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Sunday, 12 April, 1998, 05:21 GMT 06:21 UK
Teletubbies take America by storm
Teletubbies
Ethnic diversity of Teletubbies wins American affections
After becoming a national obsession in Britain, the Teletubbies are now trying to conquer the world.

With their faces on sides of skyscrapers from Hollywood in California to Times Square in New York, Tinky Winky, Dipsy, Laa-Laa and Po are the most talked about children entertainers in North America.

The cuddly foursome are reaching a new audience with their appearance on television screens across North America.

Teletubbie toy
Toys go on sale in August
Teletubby mania is expected to get bigger when a new line of toys, different from those available in Britain, is launched in American shops in August.

Newspapers in North America have dubbed the stars, with aerials on their heads and televisions in their tummies, the Fab Four.

Canada's The Globe and Mail described them as "Barney on drugs", "Care Bears on a hippie commune" or "Ewoks after a lobotomy".

Teletubbie advert
The cuddly four grace the world's tallest buildings
The Washington Post compared the Teletubbies phenomenon to the success of Sesame Street.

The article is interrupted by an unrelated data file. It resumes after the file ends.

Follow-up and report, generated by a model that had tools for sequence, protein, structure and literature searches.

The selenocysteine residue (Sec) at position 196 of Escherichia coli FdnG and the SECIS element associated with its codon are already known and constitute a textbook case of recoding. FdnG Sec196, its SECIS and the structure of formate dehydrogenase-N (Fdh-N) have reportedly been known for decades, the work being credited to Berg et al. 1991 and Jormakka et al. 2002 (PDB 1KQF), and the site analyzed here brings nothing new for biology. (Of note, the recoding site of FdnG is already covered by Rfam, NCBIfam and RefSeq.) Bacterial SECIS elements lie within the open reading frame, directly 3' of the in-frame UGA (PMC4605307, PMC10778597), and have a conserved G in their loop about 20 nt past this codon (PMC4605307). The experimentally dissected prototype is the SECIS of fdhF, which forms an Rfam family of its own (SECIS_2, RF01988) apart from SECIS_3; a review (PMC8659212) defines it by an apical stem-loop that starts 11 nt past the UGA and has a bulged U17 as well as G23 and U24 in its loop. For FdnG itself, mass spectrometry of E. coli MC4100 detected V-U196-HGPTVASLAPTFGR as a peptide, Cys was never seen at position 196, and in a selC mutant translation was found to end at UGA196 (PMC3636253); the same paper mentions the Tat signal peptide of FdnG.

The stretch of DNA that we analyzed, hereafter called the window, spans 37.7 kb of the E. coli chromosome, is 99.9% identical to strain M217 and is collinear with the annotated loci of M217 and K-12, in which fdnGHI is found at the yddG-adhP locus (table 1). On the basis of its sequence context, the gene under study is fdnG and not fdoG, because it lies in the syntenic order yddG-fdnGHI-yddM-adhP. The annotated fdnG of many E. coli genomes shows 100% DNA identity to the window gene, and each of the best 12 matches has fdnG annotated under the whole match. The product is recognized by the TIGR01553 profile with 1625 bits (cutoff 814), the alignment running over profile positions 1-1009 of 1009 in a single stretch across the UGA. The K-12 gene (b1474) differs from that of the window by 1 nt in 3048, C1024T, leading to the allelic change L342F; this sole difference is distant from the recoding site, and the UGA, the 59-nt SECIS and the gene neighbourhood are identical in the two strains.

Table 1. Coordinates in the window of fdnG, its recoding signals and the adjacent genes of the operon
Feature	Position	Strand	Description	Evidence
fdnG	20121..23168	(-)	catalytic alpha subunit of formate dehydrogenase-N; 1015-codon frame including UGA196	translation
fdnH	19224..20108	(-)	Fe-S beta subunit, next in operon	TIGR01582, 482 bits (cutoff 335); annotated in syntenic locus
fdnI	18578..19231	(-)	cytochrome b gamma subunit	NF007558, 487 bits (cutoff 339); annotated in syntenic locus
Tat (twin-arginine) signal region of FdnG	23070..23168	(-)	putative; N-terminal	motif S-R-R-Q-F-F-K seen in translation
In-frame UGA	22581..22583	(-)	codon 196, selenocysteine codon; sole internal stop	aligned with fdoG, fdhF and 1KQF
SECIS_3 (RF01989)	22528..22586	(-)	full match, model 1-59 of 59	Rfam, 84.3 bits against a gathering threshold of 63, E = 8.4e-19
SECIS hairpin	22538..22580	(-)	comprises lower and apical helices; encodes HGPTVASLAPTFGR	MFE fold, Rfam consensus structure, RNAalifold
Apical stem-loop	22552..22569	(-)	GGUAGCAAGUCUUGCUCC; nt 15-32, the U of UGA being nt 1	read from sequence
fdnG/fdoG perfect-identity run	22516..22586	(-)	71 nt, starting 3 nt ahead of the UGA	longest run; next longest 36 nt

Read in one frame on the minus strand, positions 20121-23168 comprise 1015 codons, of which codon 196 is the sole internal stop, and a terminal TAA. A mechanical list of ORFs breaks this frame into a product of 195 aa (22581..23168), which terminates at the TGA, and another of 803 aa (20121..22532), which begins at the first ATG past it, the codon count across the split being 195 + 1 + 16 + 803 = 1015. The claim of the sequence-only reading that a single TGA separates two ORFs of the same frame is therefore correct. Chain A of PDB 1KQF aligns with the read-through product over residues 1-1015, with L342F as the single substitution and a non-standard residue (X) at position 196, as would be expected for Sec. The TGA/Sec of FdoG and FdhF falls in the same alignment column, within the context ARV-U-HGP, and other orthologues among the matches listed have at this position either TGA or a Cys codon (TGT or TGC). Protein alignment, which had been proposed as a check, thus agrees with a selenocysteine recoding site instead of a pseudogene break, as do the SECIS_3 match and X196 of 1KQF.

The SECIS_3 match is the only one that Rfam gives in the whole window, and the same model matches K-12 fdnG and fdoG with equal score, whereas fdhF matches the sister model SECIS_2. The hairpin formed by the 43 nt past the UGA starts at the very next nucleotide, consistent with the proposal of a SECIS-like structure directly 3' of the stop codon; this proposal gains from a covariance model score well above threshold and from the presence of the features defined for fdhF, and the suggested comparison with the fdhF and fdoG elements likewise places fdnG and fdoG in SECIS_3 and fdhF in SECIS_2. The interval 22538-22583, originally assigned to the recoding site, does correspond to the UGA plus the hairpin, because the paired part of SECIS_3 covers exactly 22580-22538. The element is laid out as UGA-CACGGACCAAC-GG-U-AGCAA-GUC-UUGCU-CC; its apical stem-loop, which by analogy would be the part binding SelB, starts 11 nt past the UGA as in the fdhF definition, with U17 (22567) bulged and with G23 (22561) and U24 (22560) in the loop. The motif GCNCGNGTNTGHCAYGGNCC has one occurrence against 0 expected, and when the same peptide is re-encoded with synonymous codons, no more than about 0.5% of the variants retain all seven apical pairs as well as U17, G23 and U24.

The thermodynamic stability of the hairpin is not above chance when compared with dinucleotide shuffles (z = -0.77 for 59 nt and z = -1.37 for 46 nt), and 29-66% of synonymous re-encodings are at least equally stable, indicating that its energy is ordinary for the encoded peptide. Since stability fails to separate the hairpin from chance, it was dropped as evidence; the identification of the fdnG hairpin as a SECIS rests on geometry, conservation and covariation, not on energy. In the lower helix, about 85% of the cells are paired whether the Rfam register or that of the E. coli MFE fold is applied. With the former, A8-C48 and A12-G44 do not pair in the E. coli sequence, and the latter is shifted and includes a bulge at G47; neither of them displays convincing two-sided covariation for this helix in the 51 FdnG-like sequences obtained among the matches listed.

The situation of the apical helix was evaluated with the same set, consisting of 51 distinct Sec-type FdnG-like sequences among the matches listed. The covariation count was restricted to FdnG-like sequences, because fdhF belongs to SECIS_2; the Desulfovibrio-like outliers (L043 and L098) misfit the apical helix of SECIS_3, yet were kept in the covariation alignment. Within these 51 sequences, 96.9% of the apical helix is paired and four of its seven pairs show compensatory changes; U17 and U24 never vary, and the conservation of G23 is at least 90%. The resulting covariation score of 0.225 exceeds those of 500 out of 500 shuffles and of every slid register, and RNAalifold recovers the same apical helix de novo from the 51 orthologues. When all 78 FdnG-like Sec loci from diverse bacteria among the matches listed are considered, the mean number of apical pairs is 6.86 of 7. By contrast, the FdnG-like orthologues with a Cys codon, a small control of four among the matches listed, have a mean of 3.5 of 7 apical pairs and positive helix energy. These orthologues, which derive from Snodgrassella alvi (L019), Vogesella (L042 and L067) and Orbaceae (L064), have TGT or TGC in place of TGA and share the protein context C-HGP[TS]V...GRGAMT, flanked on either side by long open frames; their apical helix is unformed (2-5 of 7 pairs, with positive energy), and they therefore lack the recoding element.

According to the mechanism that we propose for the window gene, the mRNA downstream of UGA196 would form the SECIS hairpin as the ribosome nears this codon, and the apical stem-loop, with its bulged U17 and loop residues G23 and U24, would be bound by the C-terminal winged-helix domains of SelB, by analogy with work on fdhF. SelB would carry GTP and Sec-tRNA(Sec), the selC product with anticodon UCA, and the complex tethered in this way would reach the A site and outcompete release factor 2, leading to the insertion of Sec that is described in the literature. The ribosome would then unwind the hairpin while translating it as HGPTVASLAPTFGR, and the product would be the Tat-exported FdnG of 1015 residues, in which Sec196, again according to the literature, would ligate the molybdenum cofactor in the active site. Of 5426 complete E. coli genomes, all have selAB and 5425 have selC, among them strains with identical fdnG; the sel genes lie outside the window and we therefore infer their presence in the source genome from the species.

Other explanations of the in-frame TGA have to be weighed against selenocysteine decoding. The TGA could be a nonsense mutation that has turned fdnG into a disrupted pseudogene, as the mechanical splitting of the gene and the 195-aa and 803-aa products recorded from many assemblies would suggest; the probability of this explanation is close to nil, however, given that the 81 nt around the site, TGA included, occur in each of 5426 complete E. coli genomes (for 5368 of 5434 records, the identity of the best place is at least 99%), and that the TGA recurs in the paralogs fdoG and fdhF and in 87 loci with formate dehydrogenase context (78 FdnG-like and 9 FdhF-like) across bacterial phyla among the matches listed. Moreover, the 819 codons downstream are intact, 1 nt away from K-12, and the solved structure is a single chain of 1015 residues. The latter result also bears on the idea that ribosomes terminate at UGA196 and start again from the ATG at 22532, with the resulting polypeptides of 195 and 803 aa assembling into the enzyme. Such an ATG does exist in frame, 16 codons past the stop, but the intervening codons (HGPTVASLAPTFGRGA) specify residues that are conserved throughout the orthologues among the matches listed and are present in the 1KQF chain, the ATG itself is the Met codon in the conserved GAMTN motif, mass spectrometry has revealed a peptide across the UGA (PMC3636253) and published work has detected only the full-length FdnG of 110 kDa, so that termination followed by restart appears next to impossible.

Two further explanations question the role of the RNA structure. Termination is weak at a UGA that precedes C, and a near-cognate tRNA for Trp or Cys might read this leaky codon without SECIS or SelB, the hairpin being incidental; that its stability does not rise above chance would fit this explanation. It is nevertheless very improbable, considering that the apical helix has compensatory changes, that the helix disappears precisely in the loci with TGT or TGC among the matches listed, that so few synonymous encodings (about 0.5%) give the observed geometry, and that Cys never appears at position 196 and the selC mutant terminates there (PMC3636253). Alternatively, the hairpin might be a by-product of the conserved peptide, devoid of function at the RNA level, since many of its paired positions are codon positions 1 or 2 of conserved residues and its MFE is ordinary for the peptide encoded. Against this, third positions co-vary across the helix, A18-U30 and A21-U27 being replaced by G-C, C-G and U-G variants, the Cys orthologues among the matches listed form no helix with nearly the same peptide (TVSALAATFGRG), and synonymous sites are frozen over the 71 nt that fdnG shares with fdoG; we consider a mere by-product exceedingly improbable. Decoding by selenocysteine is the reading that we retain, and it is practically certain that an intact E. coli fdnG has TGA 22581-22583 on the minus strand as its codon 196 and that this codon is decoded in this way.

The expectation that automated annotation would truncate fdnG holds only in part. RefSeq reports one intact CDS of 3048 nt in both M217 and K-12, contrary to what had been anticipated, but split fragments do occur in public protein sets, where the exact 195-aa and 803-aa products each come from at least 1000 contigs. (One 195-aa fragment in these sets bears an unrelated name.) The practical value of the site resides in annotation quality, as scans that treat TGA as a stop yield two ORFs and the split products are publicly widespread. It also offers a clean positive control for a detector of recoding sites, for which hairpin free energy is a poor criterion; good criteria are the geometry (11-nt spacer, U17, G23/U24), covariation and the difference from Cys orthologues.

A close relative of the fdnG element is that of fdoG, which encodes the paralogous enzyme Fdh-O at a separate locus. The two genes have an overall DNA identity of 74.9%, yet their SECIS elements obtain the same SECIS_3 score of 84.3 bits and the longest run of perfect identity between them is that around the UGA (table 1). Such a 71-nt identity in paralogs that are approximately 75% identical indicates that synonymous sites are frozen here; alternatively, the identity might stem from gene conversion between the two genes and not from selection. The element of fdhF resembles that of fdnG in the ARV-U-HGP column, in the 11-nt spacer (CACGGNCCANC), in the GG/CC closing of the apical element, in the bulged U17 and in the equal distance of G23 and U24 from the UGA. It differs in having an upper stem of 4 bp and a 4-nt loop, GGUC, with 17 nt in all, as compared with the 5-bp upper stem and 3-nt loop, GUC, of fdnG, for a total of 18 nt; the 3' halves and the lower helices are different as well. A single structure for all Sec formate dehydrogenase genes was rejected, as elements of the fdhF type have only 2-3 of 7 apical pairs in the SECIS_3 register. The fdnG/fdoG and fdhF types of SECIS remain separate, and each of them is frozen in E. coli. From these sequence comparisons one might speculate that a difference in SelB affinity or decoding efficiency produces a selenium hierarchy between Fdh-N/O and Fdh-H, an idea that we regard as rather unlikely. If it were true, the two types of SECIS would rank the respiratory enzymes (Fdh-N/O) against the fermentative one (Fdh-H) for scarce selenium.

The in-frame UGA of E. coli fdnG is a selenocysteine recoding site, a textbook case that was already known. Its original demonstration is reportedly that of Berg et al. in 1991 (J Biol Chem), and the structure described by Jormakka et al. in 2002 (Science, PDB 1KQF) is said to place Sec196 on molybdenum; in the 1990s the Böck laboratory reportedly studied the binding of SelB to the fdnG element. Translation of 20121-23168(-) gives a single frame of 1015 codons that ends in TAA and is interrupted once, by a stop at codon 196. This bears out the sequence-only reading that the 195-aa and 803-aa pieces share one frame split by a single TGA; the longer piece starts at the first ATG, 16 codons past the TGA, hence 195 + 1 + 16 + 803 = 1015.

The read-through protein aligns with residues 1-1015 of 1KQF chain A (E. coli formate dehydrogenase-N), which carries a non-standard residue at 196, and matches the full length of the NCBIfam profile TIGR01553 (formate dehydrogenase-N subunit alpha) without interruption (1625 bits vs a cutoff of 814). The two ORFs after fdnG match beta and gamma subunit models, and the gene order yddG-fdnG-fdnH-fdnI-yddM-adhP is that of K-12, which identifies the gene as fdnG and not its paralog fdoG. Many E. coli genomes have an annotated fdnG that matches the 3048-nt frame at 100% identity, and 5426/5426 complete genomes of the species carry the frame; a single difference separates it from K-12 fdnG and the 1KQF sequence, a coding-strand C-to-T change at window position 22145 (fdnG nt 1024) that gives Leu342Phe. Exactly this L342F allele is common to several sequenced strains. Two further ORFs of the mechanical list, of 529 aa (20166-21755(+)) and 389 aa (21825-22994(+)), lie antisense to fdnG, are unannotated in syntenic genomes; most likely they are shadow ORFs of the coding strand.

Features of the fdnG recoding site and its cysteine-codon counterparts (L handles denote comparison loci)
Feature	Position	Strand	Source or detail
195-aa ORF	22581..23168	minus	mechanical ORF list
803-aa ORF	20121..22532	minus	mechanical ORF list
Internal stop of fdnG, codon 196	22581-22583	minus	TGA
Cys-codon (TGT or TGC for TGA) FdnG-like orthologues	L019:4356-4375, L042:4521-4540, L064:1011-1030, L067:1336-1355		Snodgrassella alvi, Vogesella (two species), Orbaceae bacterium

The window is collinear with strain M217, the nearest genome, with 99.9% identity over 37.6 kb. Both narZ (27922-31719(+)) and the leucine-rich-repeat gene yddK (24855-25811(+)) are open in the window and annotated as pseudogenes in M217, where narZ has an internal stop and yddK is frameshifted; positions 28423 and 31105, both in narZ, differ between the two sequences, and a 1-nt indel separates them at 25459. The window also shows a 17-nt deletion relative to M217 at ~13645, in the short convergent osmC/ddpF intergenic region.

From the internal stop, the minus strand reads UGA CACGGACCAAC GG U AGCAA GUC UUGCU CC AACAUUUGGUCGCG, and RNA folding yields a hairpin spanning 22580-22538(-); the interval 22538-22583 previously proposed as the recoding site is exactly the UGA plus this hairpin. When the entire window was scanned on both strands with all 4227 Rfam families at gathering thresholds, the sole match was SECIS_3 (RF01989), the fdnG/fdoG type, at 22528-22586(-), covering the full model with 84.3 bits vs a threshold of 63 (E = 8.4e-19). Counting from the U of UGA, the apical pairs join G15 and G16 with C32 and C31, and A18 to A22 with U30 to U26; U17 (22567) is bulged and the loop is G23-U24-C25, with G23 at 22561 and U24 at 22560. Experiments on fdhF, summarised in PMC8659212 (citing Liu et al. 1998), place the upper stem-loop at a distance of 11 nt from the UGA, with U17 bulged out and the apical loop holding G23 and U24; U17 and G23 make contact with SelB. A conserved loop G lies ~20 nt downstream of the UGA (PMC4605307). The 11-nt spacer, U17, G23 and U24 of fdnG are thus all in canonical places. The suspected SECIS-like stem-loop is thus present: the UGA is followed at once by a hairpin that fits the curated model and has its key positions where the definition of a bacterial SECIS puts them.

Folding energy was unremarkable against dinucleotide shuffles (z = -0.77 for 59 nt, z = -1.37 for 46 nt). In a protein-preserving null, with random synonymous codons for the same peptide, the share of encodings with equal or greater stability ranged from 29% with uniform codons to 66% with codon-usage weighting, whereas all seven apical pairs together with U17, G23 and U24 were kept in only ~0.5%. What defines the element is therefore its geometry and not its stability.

It said the Fab Four appealed among American children and adults because of their ethnic diversity.

"Dipsy is black, Po Chinese. And they have somewhat distinct personalities," it said.

"The cloying Laa-Laa is somehow a little harder to take than others. Tinky Winky, the heaviest, looks like an eggplant with cellulite. He also sometimes carries a red purse, which has won him popularity among gay viewers."

Barney
Barney upstaged by four phenomenon
Elizabeth Knowle, whose son is a Teletubbies fan, shares this view.

"There's so much more ethnic diversity of every kind; in skin colour, ethnicity, shapes, size and gender," she said.

"The Teletubbies are different colours in their little suits but they are basically all alike. It's funny how that really is striking compared to what you get used to watching American children's programmes."

But Peggy Charen, founder of Action for Children's TV, is worried about its effect on children who have not yet learned to speak. Parents in Britain have voiced similar concerns.

"In the beginning I was a little disturbed by the idea that they were was designed for one-year-olds," she said.

"I think that the best television for children who have to be propped up to watch it is no television at all."

See also:

07 Dec 97 | UK
Teletubbies top the charts
02 Feb 98 | UK
Teletubbies top toy sales
27 Dec 97 | Teletubbies
The Teletubbies' rise to stardom
16 Mar 98 | Asia-Pacific
Gift of speech for Teletubbies
07 Apr 98 | World
Teletubbies go west
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